US wheat field rain

Since the end of the Black Sea Grain Initiative, the wheat market has been on the receiving end of some additional volatility. We have seen the Ukrainian port of Odessa under almost continuous air strikes as the Russian army attempts to knock Ukrainian exports out of the equation.

Early in the week, Russia upped the ante.  Since the start of the war, Ukraine and the UN have invested in alternative pathways to enable grain to continue flowing. One major route was the Danube River (see image), which is on the border between Ukraine and Romania.  It can allow Handymax-sized vessels (~17kmt) to travel into central Europe where loads can then be dispersed.  It is understood that Ukraine was exporting between 2-3mmt per month in this manner.

Russia turned their attention from the ports in and around Odessa and zeroed in on the ports at the mouth of the Danube (Remi & Izmail). This is a fairly serious escalation due to the proximity of a neutral country, Romania, which also happens to be a member of NATO. The closest strike was apparently a mere 200m from the border.

Having bolted out of the blocks, the wheat market has since retraced much of the rally that we saw at the start of the week. While the risk remains heightened, the wheat market seems content (for now) that a solution can be found. There is speculation that the strikes on the Danube terminals were a ‘shot across the bow’ from the Kremlin to the UN Council in an attempt to get negotiations back on track.  At least one source I’ve read seems to think that a “Grain Initiative 2.0” is on the table with concessions being considered to Russian demands.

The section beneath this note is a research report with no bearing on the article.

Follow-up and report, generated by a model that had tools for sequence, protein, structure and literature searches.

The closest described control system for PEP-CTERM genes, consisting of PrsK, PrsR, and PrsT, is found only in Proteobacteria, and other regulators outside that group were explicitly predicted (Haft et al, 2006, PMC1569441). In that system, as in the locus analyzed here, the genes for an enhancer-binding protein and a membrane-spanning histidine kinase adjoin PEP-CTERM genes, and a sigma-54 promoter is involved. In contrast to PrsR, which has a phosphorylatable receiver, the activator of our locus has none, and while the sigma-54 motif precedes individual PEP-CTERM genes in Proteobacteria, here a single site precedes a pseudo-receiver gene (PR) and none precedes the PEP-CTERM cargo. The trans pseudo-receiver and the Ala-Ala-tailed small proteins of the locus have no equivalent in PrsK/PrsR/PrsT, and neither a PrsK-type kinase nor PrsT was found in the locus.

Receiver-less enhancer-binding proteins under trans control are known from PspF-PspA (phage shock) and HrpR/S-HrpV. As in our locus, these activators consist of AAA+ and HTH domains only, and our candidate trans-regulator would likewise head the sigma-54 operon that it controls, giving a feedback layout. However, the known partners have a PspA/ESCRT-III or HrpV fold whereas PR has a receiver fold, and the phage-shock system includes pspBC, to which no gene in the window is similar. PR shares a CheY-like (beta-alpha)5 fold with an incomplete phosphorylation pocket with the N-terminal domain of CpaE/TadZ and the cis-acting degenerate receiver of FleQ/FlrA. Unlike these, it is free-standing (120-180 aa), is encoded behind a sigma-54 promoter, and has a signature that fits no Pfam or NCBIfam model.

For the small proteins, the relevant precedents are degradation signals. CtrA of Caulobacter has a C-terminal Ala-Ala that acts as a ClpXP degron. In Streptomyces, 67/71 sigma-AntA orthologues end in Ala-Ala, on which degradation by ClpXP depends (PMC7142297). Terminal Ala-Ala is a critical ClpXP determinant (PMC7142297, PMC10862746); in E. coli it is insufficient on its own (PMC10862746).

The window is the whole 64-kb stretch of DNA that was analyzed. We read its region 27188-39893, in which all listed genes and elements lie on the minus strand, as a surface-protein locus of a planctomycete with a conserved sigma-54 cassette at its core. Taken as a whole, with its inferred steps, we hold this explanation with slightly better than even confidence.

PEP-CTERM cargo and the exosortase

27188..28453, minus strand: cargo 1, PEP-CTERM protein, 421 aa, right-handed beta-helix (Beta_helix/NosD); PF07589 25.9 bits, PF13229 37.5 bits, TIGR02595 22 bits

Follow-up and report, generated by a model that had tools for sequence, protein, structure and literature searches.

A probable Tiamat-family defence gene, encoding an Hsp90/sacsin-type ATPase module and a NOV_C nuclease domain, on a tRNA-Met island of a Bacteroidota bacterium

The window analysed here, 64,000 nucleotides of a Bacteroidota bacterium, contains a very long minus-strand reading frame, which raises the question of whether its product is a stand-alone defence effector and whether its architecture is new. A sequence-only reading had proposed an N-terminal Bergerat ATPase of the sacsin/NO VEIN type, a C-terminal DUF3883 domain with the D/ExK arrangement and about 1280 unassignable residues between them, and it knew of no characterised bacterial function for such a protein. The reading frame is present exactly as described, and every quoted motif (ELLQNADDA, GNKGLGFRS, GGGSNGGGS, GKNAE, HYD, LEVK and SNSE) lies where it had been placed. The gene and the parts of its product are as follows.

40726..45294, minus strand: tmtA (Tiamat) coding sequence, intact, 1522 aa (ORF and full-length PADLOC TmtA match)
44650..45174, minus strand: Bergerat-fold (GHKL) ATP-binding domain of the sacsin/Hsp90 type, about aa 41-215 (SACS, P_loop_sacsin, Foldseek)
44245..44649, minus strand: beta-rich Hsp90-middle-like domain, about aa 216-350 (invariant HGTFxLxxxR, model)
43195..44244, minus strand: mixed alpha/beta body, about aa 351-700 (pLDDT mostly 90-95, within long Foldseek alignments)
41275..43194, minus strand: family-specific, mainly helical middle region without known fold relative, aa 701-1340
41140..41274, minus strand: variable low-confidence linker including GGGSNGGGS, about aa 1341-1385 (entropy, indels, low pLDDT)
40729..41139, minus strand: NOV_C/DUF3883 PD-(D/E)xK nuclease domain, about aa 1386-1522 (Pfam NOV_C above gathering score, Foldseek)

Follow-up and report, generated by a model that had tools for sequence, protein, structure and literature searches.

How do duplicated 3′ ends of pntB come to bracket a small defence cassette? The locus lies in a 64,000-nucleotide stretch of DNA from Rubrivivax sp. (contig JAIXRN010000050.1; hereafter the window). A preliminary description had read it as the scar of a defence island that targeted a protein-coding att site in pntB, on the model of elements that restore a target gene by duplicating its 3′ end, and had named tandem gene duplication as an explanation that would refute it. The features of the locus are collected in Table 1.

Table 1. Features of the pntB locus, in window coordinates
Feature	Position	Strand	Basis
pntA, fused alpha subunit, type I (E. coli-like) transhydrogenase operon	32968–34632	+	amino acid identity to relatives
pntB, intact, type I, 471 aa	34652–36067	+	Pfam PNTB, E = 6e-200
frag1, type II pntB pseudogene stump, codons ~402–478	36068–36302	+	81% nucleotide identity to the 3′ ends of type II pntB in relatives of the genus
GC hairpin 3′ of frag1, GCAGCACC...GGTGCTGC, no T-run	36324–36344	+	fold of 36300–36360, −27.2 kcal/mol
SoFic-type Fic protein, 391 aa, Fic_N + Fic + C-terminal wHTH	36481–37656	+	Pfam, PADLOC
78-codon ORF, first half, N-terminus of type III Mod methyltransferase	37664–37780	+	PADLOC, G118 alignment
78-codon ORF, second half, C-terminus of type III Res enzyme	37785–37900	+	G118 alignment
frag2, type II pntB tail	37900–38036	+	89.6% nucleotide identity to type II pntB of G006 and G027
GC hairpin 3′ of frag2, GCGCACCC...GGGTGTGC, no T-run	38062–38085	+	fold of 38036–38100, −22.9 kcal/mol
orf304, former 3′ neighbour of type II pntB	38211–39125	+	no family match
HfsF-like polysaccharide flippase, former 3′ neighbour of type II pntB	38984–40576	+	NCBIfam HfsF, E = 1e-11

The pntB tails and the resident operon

Whatever Russia’s end goal is here, it appears that they want a monopoly on Black Sea grain exports.  By weakening Ukraine’s export power, it weakens its economy and potentially its ability to fight the war. It highlights the importance of the Black Sea and the reliance that many in the Middle East and North Africa have on its export capacity.

Next week

The wheat market will be watching for any escalation in conflict or anything that resembles a diminishing of Russian export transit.  Global food security has become a big stick to wield and we can be sure that many people will be working behind the scenes to ensure that things don’t get worse.

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Click on graph to expand

Click on graph to expand

Data sources: Reuters, Green Square AC, Google, Next Level Grain Marketing, Mecardo

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